# Smoothness of conformal transformations

Given a smooth pseudo-Riemannian manifold $$(M,g)$$ one can define the conformal group as the set of smooth diffeomorphisms $$\varphi:M\to M$$ such that there is a positive smooth function $$u$$ with $$\varphi^\ast g=ug$$. One could also define it as the set of all $$C^1$$-diffeomorphisms $$\varphi:M\to M$$ such that there is a positive continuous function $$u$$ with $$\varphi^\ast g=ug$$. One could also define intermediate cases. I would expect these to be the same but it does not seem obvious, can someone clarify? Do any such answers rely on $$M$$ being Hausdorff or second-countable/paracompact?

• If $M=\mathbb{R}$ with the standard metric, any $C^1$-function $f$ with $f'(t)>0$ for all $t$ is conformal in your sense. – abx Jan 28 at 6:04
• I believe one dimension is usually excluded in conformal geometry, since any two metrics are in the same conformal class – Quarto Bendir Jan 28 at 6:08

For example, in dimension $$2$$, if $$g$$ is definite, then every $$C^1$$ conformal diffeomorphism is, in fact, real-analytic, because, locally, $$g$$ can be written in the form $$g = F\,\mathrm{d}z{\circ}\mathrm{d}\bar z$$ for some complex-valued coordinate $$z$$ and nonzero $$F$$. In such a coordinate, a $$C^1$$ conformal transformation is actually either $$z$$-holomorphic or conjugate $$z$$-holomorphic.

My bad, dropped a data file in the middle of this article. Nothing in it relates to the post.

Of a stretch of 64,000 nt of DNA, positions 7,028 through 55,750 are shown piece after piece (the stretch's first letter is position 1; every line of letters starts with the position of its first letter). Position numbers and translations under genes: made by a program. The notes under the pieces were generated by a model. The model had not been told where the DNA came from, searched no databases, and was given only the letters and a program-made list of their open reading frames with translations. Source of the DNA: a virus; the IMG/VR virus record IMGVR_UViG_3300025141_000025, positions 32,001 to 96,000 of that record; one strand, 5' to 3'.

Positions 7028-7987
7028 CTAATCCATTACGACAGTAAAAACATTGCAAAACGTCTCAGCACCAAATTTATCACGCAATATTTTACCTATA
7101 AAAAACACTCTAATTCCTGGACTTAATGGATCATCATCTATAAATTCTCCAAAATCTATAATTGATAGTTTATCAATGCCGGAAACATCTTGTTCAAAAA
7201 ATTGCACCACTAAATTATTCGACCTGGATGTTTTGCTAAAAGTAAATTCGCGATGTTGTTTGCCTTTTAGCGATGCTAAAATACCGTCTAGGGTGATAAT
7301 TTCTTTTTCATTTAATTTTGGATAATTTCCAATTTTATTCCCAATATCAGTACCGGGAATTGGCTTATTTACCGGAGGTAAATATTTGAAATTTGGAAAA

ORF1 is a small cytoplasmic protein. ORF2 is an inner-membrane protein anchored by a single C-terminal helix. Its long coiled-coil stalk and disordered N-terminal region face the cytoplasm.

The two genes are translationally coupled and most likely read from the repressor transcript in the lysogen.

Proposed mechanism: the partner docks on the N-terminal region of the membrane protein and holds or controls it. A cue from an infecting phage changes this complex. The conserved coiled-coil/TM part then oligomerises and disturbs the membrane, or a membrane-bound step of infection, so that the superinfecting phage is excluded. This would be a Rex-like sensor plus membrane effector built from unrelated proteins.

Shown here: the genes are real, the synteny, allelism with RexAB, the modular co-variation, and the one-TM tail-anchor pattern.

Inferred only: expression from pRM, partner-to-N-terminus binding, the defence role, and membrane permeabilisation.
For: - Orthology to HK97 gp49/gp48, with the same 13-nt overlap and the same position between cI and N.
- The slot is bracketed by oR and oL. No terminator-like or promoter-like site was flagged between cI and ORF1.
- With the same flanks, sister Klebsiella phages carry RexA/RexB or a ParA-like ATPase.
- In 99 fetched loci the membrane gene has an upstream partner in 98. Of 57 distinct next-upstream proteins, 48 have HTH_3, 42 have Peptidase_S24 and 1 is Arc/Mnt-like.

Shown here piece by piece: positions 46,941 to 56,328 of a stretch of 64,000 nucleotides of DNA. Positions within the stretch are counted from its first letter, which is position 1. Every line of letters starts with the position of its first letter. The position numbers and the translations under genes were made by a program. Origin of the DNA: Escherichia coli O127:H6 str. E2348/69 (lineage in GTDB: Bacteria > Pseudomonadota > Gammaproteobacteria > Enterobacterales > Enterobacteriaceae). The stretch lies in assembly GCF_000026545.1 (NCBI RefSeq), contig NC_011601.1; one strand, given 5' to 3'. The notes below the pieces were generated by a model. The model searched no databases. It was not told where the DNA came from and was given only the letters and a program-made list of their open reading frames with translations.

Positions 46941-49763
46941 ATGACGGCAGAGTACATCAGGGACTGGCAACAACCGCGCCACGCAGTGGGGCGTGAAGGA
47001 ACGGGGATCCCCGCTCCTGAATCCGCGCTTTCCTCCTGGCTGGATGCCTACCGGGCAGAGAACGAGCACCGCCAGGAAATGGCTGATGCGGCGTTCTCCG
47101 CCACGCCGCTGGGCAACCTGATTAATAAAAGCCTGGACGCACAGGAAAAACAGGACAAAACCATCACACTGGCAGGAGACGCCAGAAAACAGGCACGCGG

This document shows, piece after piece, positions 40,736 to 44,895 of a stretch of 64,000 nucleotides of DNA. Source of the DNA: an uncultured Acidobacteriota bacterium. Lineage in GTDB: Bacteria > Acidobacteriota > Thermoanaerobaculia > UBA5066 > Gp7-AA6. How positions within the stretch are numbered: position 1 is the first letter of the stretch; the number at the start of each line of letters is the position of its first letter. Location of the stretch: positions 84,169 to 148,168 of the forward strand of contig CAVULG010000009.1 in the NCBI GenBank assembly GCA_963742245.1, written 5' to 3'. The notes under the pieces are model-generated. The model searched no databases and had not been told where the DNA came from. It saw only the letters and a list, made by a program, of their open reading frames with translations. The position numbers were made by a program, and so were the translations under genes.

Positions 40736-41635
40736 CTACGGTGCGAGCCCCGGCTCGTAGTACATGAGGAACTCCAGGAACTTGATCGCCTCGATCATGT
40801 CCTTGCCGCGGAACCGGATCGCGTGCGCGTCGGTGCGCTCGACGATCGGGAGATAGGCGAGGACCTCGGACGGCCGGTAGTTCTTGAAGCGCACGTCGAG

Also, in dimension $$2$$, if $$g$$ has split signature, then, locally $$g$$ is of the form $$g = F(x,y)\,\mathrm{d}x{\circ}\mathrm{d}y$$ for some coordinates $$(x,y)$$, and a $$C^1$$ $$g$$-conformal transformation is either of the form $$\phi(x,y) = (p(x),q(y))$$ or of the form $$\phi(x,y) = (q(y),p(x))$$, where $$p$$ and $$q$$ are $$C^1$$, and you don't get any better regularity than that since all such $$C^1$$-maps are $$g$$-conformal.
In dimensions higher than $$2$$, in the positive definite case, if $$g$$ is smooth, then any $$C^1$$ conformal diffeomorphism is smooth, though I think this is not an easy result, even when $$g$$ is flat. (See the proofs of Liouville's Theorem in the case of low regularity.) If you assume, say, $$C^3$$, though, then it's not too hard.
In dimensions higher than $$2$$, independent of signature, if you assume $$g$$ is smooth and $$\phi$$ is at least $$C^4$$ (though probably $$C^3$$ is OK), then $$\phi$$ must be smooth. About lower regularity, I don't know.